(Hard to believe I originally wrote these Netflix articles way back in 2011. So keep that in mind as some of the references may be dated. It wasn’t much longer after this that I had a major operation that did me in for quite a while. Otherwise, I might have kept on going. I was still renting Netflix discs until recently and may again if I every have time to watch the crap. Carry On)
Two more Doris Day movies, including one that was her last feature film, and a film that should have been much better than it was round out this week’s Netflix selections. Let’s get busy.
The best thing about The Best Little Whorehouse in Texas is Dolly Parton. The worst thing is….well take your pick. This could have been a memorable big screen musical, but instead it’s just a a goofy reminder of a good idea gone sour.
Everybody on the planet, unless they just dropped in from Mars, knows that Dolly Parton has big boobs. In Whorehouse, Dolly as Madame Mona is photographed and costumed with tight corsets in such a way that her assets are overemphasized to the umpteenth degree when they have pretty much always spoken for themselves naturally. I guess it was an artistic decision by someone who had an overwhelming preoccupation with Parton’s mammaries, but it’s hard to say who. Could have been the director, may have been the cinematographer, possibly the costume designer or perhaps they were all in this conspiracy together. Director Colin Higgins had also worked with Parton in 9 to 5, where it was her comedic skills that shined instead of the Mountain Twins, so he should have known better.
And Parton sparkles at times in this film as well, mostly in her musical numbers, including a cute little duet she wrote herself called, “Sneakin’ Around” that she does with Reynolds. And later on, she helps herself to a bazillion dollar paycheck by having penned and sang “I Will Always Love You.”
Unfortunately, when the music stops, the film dies a slow painful death, and we’re the ones that suffer. Humor is practically non existent, and with a less than believable romance between Mona and Ed Earl, there’s not much else to recommend this concoction.
Reynolds plays sheriff Ed Earl as if he just walked off the set of Cannonball Run or Smokey and the Bandit, a shtick that may have worked in those films but does nothing at all to further his acting credentials here. To say his his chemistry with Parton is lacking, would mean that there was at least some small indicator that there was something there in the first place, when in fact there is none.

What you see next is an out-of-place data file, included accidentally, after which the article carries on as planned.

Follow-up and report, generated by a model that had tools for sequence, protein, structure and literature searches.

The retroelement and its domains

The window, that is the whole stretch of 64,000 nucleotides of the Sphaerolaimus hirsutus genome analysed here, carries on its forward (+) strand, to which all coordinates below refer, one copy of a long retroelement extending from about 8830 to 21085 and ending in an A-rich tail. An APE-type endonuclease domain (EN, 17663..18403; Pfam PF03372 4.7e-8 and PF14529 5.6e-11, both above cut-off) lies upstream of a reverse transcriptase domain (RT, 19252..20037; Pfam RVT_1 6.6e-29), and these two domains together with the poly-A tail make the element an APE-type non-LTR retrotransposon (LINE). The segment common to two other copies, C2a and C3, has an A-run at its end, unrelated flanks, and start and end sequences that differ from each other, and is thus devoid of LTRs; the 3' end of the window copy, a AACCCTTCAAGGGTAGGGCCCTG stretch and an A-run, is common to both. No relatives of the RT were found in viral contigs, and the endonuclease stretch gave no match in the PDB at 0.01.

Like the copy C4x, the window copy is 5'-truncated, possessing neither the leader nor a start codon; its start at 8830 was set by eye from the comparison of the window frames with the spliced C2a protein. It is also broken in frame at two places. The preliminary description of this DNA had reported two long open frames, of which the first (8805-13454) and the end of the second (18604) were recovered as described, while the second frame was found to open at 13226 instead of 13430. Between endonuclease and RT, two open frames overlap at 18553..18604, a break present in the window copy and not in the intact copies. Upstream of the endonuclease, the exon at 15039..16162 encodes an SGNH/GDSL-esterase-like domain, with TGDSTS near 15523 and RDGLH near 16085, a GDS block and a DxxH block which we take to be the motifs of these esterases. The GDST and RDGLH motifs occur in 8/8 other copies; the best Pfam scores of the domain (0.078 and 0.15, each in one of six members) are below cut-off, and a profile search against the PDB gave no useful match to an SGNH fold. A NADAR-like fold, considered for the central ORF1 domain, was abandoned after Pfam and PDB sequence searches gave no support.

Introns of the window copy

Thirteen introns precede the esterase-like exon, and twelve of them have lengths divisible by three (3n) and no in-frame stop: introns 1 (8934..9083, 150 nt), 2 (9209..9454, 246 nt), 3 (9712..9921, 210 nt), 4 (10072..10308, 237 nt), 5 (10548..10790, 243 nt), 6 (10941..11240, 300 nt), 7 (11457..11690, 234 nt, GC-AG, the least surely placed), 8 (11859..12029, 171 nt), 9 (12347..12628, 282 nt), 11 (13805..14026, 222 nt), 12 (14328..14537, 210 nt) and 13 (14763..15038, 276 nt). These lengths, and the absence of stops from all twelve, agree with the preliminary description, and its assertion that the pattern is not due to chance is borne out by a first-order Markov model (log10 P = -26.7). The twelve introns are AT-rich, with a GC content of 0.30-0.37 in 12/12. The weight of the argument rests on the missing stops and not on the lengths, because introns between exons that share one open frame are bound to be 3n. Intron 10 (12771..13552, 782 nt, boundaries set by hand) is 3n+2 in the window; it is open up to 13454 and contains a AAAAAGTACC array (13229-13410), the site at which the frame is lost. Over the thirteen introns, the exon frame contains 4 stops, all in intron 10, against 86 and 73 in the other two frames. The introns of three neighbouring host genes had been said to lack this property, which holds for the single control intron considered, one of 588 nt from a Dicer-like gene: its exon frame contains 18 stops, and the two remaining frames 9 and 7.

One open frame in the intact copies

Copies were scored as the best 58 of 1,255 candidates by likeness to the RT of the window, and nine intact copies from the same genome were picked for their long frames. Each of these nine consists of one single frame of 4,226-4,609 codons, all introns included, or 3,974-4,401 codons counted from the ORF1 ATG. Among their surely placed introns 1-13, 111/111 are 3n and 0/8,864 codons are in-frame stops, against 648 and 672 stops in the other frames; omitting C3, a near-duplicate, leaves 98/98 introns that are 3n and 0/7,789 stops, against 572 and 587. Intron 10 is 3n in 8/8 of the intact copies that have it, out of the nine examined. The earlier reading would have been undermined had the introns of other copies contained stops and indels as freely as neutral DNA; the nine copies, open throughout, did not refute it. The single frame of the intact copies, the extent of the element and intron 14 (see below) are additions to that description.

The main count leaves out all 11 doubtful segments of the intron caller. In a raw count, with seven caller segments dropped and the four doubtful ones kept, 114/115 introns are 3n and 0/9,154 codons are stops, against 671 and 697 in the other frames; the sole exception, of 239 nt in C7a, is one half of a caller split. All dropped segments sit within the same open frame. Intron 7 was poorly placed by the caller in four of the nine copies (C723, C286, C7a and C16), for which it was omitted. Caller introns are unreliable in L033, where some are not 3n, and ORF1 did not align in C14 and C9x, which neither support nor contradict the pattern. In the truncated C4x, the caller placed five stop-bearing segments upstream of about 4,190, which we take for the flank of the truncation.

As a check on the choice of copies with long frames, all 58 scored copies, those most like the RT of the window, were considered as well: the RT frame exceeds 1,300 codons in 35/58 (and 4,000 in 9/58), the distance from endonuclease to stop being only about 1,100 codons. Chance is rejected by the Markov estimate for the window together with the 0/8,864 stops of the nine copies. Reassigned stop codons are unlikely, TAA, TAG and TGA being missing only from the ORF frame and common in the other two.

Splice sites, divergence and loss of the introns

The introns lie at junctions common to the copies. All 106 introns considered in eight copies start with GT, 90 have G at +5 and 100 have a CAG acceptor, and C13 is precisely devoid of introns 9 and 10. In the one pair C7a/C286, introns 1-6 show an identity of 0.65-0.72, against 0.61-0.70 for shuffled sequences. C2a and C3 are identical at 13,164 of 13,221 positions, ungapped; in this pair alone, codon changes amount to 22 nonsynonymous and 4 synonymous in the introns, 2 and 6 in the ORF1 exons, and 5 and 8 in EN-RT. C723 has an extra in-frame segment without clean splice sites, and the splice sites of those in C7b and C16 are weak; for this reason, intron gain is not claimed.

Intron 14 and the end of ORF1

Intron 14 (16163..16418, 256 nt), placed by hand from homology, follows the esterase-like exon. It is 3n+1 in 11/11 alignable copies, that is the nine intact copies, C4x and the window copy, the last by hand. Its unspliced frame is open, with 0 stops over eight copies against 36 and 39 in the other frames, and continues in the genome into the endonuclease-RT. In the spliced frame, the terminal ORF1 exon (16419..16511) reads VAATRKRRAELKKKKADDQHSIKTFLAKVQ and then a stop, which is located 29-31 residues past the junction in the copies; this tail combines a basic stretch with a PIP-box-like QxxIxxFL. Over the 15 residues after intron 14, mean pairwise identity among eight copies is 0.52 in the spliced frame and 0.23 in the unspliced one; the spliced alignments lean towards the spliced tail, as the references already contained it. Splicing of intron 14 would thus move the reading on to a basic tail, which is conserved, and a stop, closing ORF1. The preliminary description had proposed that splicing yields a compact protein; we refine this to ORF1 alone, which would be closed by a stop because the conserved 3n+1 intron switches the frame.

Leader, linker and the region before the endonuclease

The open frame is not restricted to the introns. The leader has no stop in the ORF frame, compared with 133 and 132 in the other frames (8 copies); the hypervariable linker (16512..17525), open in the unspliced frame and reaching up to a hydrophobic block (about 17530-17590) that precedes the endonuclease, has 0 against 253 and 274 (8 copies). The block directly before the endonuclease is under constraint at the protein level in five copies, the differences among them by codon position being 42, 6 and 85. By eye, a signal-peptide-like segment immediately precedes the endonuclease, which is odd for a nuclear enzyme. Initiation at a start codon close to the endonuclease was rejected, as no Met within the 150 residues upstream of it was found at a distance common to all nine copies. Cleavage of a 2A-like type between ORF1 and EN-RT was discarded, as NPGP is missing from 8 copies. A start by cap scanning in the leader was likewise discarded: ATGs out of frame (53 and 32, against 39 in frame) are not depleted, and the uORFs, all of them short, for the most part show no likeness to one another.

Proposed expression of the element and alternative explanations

Along for the ride are Burt’s old buddies, Jim Nabors and Dom DeLuise. Nabor’s role as Deputy Fred, who is also the film’s narrator, could have been left on the cutting room floor and nobody would have noticed. He adds nothing to the film and will leave you puzzled as to what purpose there was to put him in the movie in the first place. Nabors, whose biggest asset is his singing voice, does not sing at all except for chiming in with a huge chorus near the beginning of the film. So go figure. But maybe you’re a big Gomer Pyle fan and it’ll work for you.
DeLuise, plays self-righteous moral crusader Melvin P. Thorpe in the same over the top comedic vein that he plays practically every thing else he was ever in, and simply imported that character from one film to the next as if every movie is a pit stop from Cannonball Run. It’s just so ridiculously unbelievably weird, idiotic and gratingly obnoxious, that you don’t know whether to blame him, director Higgins, or the trio of writers of which Higgins was one of as well. What ever satirical inference the character may have had, it’s totally lost in a big side of DeLuise Canned Ham. A shame that such an opportunity was lost especially when you consider that the title of this film was censored in some states and towns. It would have been almost poetic if the film had growled back at the real moral idiots out there trying to tell us what we can or cannot watch or in this case, park our pecker.
The film’s biggest shining moment is Charles Durning in a small part as the governor. He does a terrific singing and dancing number called “The Sidestep” that is a send up of every politician ever to run for office. It gives you some indication of what this film should have been: A biting humorous satire on political moralizing. Instead there is not enough Durning and way too much of Reynolds, Boobs, Gomer, and DeLuise. So why rent the film? For Durning of course, for Dolly singing her boob smothered heart out and the other musical numbers that are at least fun if way over produced. That’s the great thing about DVD’s. You can skip to the good parts. On the other hand if you have to do that I have no choice to render my grade of a C-.
(And yeah, in retrospect, this review might have been a bit sexist at times, but the actual movie beats me out on that score tenfold.)
I really have to cut Doris Day some slack in regards to some of these films she was in during the latter stages of her career. If you know the history of Doris Day, then you know that her husband/business manager/embezzler/Svengali Marty Melcher, would stick her in just about anything to make a buck. But no matter how flimsy the script was, she always seemed to manage to rise above the material. And that’s pretty much the case with Do Not Disturb, a film I had never seen until renting it from Netflix. Frankly, the synopsis on the envelope makes the movie sound much better than it is, so kudos to whoever wrote it or to whatever web site they copied it from.
With a few tweaks in the script here and there, this film could almost be the sequel to the last Doris Day film we received from Netflix, The Glass Bottom Boat, except for the fact that this film was released the previous year. At least if this were the aftermath of Glass Bottom Boat, we would have some reason and at least a modicum of understanding as to why Janet (Doris Day) and Mike (Rod Taylor) actually walked down the aisle together. A drunken honeymoon in Vegas perhaps? At least in Paris, Janet shows us how that might have been a possibility.
When they are together, they do nothing but argue. Mike shows little or no patience with Janet, even when she’s trying to do her best to make him a nice home. They don’t trust each other. He’s never at home except to sleep, or get him some. Everything they do is misinterpreted, misunderstood, or taken completely out of context by one another. I almost suspected the movie would end in divorce court, and in fact that subject matter does come up a couple of times but is quickly resolved when some little something, such as a late arriving telegram, clears the air even if only temporarily until the next scene.